Points are automatically deducted from this Stephen King adaptation for its failure to use The Prodigy’s song Firestarter—not even a creepy child choir version during a montage. Nothing. Nothing!!
Instead we get Carpenterian bubbling synths, getting us a little too close to another 80s-inflected midwest “psychic girl” franchise for comfort. Nicely, the music is actually by John Carpenter and his son Cody—I just wish the film around it was a little more worthy.
Directed by Keith Thomas, the new Firestarter struggles to set itself apart (and alight) when compared to Stranger Things, expensive King adaptations like Doctor Sleep and It, and even the 1984 film it’s rebooting: the posters of both films are virtually identical. Compared to King and De Palma’s brilliant, other tale of pyrokinetic puberty Carrie, it feels especially limp, not finding the sad spark in its parental dynamic that made that film ache so much.
Ryan Kiera Armstrong plays Charlie McGee, the product of two telekinetically-gifted parents who underwent some kind of trippy MKUltra-esque experiment in their college years. Vicky (Sydney Lemmon, the words “I am going to die in the next ten minutes” tattooed on her forehead) and Andy (Zac Efron) have put measures in place to protect their daughter from her nascent mind powers. There’s a fire extinguisher on the mantelpiece, Wi-Fi is forbidden so that the ominous NSI doesn’t locate the family, and dad runs Charlie through an anxiety-calming sensory checklist when things start to heat up.
Parallels to raising a neurodivergent child or, hell, any child going through puberty are portrayed quite sensitively, showing how overprotective, well-meaning choices may only isolate and target Charlie more. When she admits that using “the bad thing in [her] body” can make her feel good, we’re thrilled by the potential of this fragile kid turning to the dark side. She’s not a weapon or a superhero, “just a little girl with little girl emotions that are wildly unpredictable”.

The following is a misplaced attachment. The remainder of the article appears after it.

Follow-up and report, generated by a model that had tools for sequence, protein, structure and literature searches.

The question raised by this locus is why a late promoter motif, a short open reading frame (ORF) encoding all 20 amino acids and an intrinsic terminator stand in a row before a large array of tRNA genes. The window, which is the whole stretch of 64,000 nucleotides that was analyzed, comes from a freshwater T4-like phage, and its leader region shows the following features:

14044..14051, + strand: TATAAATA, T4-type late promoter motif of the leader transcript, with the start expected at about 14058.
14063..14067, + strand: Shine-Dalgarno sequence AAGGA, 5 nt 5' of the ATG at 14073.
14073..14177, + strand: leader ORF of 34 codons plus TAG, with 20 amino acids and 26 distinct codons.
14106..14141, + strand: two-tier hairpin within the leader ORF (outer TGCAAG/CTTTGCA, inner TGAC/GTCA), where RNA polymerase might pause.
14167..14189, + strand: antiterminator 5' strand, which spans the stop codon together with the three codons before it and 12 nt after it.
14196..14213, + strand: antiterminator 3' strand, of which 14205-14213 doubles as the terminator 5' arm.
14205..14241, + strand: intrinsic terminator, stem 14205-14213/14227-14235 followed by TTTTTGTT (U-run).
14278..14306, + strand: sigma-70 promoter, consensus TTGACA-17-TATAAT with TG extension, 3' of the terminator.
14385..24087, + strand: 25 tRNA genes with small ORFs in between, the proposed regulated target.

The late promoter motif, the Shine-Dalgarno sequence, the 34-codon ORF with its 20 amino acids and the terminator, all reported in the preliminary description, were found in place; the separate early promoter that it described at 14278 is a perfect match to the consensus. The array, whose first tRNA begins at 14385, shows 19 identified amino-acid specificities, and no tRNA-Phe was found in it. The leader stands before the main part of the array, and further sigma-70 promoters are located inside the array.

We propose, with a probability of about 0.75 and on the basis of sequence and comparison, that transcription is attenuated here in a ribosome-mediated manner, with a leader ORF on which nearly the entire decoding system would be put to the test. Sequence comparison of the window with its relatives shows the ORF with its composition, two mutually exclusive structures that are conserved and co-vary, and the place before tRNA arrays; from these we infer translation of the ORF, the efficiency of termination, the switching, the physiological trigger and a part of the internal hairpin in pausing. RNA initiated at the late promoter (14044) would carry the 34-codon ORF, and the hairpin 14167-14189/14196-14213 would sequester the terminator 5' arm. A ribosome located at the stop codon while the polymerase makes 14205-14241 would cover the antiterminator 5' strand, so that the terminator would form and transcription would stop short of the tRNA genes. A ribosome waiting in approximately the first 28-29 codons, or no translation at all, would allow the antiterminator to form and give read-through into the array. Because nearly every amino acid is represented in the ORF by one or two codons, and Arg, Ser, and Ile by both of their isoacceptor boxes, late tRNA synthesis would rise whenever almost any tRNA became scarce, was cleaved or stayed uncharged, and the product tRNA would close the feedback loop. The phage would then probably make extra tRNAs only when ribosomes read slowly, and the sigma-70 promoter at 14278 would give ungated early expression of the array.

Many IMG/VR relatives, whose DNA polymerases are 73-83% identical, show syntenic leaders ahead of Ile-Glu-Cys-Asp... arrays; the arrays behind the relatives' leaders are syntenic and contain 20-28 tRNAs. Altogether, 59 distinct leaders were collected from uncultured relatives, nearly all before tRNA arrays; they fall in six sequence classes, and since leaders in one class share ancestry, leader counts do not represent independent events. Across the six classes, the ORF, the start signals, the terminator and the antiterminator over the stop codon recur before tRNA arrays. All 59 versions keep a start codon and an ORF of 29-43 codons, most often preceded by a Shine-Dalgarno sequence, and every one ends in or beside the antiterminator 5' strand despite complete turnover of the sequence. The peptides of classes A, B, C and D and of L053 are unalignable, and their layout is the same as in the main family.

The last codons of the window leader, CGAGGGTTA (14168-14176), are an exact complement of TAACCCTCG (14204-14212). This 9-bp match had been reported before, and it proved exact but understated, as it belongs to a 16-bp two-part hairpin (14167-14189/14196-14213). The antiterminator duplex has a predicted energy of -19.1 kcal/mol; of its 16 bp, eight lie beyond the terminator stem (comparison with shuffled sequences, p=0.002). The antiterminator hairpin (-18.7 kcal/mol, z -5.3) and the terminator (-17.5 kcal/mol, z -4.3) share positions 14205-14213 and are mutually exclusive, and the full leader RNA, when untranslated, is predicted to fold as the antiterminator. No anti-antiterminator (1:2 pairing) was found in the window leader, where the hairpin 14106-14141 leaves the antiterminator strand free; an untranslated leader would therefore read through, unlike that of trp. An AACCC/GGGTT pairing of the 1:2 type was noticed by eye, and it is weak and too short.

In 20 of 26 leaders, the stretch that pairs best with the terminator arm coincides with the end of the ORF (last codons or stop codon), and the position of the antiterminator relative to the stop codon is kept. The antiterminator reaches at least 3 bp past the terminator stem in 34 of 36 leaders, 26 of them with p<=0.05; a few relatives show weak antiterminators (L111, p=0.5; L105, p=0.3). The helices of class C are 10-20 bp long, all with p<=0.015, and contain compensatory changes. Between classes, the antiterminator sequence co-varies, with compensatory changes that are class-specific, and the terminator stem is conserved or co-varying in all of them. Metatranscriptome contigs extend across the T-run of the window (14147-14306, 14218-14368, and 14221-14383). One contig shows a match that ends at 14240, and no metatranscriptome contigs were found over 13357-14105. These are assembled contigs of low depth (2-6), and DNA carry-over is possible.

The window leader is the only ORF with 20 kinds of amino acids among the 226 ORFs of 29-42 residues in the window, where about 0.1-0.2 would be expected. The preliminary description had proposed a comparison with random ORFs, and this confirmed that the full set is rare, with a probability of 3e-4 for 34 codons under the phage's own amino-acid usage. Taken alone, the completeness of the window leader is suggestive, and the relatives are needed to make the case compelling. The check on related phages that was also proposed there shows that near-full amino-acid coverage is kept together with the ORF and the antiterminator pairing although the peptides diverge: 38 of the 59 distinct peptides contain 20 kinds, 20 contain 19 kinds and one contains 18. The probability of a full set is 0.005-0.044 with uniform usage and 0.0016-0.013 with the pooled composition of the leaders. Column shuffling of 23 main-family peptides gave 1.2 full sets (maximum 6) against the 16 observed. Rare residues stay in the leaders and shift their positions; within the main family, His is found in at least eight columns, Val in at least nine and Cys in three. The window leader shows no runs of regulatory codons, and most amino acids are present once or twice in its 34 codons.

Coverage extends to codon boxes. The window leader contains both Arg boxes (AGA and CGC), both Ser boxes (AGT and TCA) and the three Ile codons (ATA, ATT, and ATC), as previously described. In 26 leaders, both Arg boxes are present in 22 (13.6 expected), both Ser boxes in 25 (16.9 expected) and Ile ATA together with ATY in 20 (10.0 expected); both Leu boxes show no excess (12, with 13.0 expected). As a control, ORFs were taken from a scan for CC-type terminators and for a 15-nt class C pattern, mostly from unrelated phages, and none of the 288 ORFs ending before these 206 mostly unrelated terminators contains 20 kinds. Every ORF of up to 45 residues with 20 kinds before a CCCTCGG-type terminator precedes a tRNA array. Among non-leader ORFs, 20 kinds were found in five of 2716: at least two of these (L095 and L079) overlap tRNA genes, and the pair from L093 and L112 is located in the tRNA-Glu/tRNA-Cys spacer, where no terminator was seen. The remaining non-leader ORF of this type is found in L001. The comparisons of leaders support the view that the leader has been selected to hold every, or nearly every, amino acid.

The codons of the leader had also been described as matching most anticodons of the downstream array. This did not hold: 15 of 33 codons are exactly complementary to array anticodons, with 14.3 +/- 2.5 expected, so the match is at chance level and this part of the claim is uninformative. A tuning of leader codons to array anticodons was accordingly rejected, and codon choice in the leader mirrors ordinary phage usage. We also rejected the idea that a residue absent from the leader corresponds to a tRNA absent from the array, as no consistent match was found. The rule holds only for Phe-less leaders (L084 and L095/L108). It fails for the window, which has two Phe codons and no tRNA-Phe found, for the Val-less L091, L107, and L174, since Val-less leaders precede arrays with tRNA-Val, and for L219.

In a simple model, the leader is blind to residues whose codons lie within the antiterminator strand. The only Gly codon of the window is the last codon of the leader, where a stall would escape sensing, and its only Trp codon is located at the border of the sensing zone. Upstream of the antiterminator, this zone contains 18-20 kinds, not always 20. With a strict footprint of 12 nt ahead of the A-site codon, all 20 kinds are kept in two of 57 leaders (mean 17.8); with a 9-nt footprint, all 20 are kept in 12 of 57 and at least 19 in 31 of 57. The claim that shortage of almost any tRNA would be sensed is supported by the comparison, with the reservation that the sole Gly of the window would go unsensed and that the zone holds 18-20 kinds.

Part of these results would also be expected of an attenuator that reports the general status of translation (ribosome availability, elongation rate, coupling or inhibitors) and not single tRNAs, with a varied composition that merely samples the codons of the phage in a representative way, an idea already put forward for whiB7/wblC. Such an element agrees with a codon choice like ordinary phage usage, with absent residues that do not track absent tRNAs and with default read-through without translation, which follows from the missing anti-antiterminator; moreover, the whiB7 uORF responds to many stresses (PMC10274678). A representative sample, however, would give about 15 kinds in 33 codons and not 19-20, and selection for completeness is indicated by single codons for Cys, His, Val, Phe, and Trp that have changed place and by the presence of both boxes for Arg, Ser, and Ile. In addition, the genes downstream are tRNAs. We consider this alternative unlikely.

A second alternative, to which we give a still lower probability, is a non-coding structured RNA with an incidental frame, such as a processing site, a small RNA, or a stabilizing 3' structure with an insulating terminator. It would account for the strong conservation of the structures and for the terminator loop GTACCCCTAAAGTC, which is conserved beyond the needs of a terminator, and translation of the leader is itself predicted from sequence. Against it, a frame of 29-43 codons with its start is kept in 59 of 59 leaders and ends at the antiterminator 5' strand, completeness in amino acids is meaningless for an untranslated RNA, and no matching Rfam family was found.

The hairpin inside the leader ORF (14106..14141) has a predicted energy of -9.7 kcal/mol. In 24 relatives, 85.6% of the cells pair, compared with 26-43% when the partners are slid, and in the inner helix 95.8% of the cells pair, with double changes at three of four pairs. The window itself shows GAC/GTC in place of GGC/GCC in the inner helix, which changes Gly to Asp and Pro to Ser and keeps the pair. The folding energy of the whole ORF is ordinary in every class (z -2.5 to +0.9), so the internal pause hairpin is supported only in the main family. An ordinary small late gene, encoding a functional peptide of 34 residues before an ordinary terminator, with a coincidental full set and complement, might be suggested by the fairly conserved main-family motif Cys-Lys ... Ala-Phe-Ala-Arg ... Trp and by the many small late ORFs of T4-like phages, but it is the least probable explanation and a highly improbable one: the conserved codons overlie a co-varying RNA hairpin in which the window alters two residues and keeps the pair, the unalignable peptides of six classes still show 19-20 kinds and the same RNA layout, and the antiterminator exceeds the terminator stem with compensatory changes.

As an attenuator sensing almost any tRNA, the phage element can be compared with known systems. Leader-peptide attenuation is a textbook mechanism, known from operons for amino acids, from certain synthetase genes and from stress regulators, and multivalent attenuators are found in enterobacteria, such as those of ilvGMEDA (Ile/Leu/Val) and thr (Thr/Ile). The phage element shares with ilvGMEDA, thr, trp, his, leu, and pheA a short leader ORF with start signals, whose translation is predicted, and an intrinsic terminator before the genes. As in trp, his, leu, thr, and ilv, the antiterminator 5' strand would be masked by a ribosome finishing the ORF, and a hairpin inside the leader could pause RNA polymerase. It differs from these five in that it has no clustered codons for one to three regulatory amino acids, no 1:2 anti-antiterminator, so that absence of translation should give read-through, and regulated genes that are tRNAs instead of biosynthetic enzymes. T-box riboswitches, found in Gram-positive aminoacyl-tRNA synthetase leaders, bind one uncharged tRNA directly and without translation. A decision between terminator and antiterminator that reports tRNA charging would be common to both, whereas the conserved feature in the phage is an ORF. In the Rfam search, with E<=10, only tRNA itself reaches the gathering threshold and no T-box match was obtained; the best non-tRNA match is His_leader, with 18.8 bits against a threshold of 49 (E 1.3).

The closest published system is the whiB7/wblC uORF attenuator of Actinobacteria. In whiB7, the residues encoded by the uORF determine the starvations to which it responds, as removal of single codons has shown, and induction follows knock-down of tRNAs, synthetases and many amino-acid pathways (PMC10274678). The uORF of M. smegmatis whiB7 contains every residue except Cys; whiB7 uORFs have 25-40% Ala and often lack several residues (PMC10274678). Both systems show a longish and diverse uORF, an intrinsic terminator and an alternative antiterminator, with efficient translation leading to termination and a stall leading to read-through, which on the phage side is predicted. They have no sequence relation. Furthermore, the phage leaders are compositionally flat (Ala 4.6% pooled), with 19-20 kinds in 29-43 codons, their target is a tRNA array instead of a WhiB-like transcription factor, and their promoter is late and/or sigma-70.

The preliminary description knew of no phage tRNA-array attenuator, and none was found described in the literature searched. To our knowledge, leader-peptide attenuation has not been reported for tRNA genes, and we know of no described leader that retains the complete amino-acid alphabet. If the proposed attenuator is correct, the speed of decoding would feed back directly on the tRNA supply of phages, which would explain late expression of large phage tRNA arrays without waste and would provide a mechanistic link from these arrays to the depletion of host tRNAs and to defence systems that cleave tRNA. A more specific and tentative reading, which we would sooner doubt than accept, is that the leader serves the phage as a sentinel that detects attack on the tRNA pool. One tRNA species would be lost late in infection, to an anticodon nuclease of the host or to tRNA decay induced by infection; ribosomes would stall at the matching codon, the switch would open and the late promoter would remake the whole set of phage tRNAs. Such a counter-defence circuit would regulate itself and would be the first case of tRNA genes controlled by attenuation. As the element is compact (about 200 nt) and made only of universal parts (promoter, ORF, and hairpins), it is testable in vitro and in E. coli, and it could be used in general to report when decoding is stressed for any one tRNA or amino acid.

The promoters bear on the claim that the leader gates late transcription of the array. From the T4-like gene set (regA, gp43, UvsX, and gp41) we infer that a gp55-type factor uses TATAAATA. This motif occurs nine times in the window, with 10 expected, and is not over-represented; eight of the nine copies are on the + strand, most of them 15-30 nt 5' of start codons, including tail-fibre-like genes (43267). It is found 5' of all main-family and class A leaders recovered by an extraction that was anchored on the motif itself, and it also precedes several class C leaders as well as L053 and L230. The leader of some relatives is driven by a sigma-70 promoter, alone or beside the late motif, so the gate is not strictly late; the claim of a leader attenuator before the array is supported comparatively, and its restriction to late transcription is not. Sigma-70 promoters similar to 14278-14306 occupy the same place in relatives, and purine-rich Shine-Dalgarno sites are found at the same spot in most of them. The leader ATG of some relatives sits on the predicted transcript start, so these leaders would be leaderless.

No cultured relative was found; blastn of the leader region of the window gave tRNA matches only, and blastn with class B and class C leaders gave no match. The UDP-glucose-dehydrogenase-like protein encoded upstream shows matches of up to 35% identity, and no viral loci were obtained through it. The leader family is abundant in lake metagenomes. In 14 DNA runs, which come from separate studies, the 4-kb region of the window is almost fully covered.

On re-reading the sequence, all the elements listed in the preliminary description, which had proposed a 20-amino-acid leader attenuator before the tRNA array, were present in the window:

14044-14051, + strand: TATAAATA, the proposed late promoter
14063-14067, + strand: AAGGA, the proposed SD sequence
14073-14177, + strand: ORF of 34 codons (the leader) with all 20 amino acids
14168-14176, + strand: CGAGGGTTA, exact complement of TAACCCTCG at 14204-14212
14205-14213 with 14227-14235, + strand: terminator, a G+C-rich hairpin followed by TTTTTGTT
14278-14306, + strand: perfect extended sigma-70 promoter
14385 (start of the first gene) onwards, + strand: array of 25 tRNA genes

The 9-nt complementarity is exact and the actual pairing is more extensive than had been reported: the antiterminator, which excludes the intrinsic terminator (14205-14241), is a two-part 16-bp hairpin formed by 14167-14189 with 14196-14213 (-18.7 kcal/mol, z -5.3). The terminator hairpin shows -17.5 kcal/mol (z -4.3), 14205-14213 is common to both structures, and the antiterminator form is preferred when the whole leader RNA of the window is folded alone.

Some scenes of Charlie’s first-degree burn victims really wailing and, in one instance, chatting with their pregnant wife on the phone before the roasting begins, almost posit her as a fledgling villain, too. But ultimately the film wimps out and mostly shows the kid in complete control, with Efron never in doubt the entire time. Except for this one incident with an unfortunate barbecued cat.
A typically inexpensive title from Blumhouse that seems to have scorched through three directors mid-production, Firestarter tries nobly to make the most of its raw elements. Efron’s Disney Channel blue eyes look great dripping with blood when his hypnotic powers are exhausted (wild that he’s already playing dad roles), and there’s exactly one scene and a tidbit of narration from sneering Robocop villain Kurtwood Smith. I hope he got paid a lot.
But beyond that, psychic battles are not especially cinematic to watch—mostly it’s just characters focusing and looking a bit constipated—and the locations are unexciting, save for the film’s climax in crypt-like, moodily lit NSI basements.
Act three introduces some cool infrared heat-map footage that definitely could’ve been employed more, matching the neat shots of heat shimmering on the edge of the frame. Michael Greyeyes’ stormy villain feels half-developed—there’s certainly an edit out there where his embittered First Nations hitman got more backstory, and a redemptive arc that feels complete.
The most damning thing I unfortunately found with Firestarter is that it merely wasn’t scary, or “thrilling” if we’re classing it as a supernatural family thriller rather than a Stephen King horror joint. Contrastingly, as a monstrous coming-of-age fable, Turning Red has more to say about the complexities of outgrowing one’s parents and harnessing the power of adolescence, despite a painful cost. There’s even a dodgeball scene in both films showing our tween hero lashing out at a bully; at least the Pixar movie isn’t promising to scare you with its version.